Move Over, Tamoxifen. A New Treatment Is Coming To Town!C. Kramer
Tamoxifen has been around for over 50 years — and until 2015, nothing has been proven to be as effective at treating and preventing breast cancer.
But new studies published in The Lancet have revealed that two generic, low-cost drugs (that have been in use for other conditions for years!) pack more of a wallop than tamoxifen alone: aromatase inhibitors and bisphosphonates.
Aromatase inhibitors are mainly used by postmenopausal women to help halt estrogen production. They block aromatase, the enzyme responsible for turning androgen (a hormone) into estrogen. This is crucial for women with estrogen receptor positive (ER+) cancer. The drug does come with unwelcome side effects, just like tamoxifen does, only with differing degrees of severity. While chances of blood clots and stroke are lower than they are on tamoxifen, they do cause more heart problems and also lead to weakened bones.
Aromatase inhibitors reduce recurrence rates by 30%, just like tamoxifen — and this has been well known for years. However, this new study, part of a collaboration at Oxford with the Early Breast Cancer Trialists’ Collaborative Group, shows that taking the generic drug also reduced the risk of dying from breast cancer by 40% within 10 years of starting treatment (compared to no treatment at all). On Tamoxifen alone, women reduced their risk by 30%.
An incredible glitch in the results is that once the participants heard that aromatase inhibitors could reduce recurrence, many of the participants in the trial bailed on tamoxifen to opt for the aromatase inhibitors. This obviously affected their results, and the researchers speculate that the results would have been even more promising if the women had not switched mid-trial.
The same research group that looked at aromatase inhibitors also did a study on bisphosphonates. This type of drug is used to help strengthen bones and reduce bone loss for people who suffer from osteoporosis.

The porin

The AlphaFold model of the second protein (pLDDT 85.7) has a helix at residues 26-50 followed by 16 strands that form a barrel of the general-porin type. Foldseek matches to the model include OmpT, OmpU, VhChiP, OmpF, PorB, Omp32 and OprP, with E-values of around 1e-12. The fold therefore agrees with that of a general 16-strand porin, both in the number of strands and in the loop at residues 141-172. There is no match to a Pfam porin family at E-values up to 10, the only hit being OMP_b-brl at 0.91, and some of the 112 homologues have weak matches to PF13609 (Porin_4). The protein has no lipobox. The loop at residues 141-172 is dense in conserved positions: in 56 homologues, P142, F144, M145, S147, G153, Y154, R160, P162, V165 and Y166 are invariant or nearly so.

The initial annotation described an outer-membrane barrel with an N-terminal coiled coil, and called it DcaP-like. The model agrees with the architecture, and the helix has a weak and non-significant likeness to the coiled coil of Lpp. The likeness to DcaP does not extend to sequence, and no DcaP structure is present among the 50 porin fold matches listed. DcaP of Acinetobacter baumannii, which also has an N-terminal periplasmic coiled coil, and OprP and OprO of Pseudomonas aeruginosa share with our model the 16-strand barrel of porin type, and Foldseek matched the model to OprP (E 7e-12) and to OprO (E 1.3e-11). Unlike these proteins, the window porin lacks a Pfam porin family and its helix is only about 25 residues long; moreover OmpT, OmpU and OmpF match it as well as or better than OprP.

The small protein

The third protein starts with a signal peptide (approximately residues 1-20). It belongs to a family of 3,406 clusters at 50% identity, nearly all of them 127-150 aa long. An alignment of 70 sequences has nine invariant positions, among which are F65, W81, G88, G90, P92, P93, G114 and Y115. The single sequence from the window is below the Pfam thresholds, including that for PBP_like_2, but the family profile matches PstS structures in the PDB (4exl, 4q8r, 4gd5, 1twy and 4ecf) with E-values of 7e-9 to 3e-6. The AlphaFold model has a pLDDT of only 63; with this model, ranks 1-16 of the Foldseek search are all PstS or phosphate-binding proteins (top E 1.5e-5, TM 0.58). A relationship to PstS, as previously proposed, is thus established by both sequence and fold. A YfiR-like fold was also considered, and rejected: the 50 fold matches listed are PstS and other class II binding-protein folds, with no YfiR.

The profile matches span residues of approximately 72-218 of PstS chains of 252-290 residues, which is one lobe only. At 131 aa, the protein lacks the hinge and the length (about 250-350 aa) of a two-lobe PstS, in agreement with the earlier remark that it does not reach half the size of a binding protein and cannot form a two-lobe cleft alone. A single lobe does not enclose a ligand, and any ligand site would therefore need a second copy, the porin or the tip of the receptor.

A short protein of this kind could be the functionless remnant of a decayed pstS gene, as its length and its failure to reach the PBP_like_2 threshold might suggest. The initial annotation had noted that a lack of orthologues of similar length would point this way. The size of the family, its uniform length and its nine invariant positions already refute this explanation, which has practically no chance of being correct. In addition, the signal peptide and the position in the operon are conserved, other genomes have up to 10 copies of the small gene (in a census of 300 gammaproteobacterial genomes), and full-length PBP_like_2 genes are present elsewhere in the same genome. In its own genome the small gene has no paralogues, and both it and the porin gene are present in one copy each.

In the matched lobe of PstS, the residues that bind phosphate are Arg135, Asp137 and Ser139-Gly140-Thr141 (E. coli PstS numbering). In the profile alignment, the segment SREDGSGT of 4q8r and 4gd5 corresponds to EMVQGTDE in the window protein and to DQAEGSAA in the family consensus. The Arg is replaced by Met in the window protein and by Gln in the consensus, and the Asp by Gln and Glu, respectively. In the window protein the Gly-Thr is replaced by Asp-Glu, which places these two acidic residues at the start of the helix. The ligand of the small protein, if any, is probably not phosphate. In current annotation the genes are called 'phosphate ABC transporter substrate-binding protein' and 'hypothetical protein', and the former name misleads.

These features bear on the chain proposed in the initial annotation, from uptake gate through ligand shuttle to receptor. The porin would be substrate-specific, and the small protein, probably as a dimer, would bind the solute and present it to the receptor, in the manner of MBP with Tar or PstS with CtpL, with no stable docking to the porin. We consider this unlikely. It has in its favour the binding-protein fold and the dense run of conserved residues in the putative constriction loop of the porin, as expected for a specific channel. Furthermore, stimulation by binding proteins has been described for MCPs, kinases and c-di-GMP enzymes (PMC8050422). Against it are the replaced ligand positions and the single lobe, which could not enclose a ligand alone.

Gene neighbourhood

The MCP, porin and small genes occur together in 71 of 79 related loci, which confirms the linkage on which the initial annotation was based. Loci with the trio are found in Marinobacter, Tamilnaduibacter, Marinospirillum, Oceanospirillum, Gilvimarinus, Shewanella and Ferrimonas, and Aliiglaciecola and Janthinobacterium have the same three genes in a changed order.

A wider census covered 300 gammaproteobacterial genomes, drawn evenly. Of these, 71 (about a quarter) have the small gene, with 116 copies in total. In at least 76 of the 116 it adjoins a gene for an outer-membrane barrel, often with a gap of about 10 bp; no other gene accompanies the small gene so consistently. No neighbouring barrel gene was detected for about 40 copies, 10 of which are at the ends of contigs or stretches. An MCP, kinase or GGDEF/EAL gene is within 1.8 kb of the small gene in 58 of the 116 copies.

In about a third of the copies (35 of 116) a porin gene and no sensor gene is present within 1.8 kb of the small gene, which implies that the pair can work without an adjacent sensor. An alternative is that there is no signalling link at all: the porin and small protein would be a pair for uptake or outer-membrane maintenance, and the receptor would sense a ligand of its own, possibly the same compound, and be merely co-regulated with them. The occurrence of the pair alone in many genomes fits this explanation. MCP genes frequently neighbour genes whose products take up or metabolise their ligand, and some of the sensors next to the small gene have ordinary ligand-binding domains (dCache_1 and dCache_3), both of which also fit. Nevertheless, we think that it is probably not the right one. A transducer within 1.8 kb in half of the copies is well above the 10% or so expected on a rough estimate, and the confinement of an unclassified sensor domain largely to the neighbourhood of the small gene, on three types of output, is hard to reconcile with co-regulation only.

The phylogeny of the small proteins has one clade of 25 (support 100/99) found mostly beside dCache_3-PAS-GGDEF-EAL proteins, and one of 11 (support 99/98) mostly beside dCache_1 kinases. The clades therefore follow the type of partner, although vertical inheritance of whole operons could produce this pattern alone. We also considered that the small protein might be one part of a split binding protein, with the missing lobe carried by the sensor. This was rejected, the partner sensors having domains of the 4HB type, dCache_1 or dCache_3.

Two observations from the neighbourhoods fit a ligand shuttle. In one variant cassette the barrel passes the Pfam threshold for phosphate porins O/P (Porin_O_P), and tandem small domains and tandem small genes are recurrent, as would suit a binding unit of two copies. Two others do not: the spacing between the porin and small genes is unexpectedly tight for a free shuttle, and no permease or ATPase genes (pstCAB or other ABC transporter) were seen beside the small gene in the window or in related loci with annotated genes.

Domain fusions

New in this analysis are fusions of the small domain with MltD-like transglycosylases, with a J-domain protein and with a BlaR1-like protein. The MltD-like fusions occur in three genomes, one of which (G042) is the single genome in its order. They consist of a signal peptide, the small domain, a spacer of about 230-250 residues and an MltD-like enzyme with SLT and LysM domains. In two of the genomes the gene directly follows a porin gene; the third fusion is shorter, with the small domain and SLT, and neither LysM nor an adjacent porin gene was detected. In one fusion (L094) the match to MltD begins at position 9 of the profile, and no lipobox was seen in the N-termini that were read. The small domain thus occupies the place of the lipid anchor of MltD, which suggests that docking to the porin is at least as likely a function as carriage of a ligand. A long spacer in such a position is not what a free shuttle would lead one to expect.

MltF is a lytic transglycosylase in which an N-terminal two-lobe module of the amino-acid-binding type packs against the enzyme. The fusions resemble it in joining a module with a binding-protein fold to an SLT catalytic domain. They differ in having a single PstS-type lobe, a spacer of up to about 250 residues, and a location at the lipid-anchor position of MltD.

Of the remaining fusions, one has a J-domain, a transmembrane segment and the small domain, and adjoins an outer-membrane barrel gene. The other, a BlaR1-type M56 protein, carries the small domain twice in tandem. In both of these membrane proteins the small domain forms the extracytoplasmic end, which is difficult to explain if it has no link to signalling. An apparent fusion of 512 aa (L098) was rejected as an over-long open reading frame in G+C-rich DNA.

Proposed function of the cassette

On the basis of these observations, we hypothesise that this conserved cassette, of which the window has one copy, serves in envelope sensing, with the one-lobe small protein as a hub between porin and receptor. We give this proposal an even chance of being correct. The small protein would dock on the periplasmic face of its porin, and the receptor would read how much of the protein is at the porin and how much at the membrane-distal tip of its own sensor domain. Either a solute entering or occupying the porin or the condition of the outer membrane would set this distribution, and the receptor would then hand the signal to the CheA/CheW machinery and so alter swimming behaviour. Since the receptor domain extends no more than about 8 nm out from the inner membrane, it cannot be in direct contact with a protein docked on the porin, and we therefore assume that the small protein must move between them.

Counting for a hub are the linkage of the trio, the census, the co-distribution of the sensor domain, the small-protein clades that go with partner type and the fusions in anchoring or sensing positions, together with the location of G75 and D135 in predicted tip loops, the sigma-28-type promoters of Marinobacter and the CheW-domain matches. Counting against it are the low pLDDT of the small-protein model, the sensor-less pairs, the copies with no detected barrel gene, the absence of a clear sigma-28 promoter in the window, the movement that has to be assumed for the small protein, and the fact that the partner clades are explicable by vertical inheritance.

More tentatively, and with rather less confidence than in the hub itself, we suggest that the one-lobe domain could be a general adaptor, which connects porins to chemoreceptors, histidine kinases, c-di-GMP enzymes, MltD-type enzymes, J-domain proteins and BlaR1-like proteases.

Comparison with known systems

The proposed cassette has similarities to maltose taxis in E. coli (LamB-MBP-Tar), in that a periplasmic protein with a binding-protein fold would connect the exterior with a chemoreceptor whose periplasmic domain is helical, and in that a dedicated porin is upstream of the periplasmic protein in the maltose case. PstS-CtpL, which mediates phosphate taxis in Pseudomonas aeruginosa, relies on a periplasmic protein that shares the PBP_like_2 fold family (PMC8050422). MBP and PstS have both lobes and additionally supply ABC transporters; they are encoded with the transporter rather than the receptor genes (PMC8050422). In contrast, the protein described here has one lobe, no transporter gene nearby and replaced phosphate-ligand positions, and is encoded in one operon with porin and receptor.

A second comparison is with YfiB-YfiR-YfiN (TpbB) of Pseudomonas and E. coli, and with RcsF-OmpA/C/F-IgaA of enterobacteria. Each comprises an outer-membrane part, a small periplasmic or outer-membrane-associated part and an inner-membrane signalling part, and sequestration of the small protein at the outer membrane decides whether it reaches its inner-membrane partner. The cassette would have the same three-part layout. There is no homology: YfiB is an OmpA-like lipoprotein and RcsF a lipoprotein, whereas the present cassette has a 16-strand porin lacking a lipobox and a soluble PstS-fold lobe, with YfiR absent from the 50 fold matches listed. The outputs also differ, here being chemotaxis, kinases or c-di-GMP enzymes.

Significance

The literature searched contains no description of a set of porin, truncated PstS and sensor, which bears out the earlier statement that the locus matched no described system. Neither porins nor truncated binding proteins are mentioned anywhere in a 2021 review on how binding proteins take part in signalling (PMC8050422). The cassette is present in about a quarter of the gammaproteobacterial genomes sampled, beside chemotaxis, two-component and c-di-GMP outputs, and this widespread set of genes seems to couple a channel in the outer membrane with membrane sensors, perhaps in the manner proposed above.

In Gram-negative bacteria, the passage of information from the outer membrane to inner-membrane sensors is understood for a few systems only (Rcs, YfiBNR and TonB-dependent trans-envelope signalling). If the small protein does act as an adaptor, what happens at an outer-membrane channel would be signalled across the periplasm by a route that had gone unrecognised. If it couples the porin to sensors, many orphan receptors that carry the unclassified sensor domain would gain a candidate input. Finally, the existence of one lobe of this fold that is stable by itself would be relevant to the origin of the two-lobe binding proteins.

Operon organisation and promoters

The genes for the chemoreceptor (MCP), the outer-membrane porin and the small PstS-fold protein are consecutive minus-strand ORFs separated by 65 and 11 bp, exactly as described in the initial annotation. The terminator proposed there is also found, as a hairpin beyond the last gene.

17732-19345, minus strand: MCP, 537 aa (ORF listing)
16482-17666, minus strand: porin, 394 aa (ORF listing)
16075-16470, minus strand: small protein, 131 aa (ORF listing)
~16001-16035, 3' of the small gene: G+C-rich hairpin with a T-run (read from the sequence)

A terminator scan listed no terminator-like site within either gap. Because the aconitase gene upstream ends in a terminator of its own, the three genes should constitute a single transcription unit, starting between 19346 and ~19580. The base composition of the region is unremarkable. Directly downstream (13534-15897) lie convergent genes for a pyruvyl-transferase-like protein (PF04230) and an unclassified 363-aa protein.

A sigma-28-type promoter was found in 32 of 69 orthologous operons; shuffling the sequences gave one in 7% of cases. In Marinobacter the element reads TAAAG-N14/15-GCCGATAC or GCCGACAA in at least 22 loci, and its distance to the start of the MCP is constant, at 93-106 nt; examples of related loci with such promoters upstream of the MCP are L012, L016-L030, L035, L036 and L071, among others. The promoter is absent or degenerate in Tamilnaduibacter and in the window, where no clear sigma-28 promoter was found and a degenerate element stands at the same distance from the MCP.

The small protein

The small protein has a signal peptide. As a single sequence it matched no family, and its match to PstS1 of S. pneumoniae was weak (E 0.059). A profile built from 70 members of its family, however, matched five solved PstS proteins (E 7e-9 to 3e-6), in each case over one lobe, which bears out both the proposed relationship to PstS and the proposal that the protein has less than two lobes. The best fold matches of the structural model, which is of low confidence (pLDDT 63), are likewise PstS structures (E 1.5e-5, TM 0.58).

The study showed that bisphosphonates reduced the risk of death by 18% in postmenopausal women who took the drug within the first 10 years after diagnosis. Bisphophonates prevent cancer from spreading to the bones, and in the study, the drug was shown to prevent one out of every six breast cancers.
“It tends to be the discovery of new treatments that grabs the headlines, but it is just as important to maximize the benefit patients get from existing treatments through major, practice-changing studies like this.” -Paul Workman, chief executive of the Institute of Cancer Research in London.
When married together, the two drugs counteract the negative effects that either drug on its own could have. Aromatase inhibitors can often lead to bone loss, but bisphosphonates strengthen bones to reduce risk of fractures — and it also improves survival.
Since two-thirds of women diagnosed with breast cancer are a) postmenopausal and b) have hormone-sensitive tumors, this pair of generic drugs could increase their chances of remaining cancer-free — while also being easier on their bank account.
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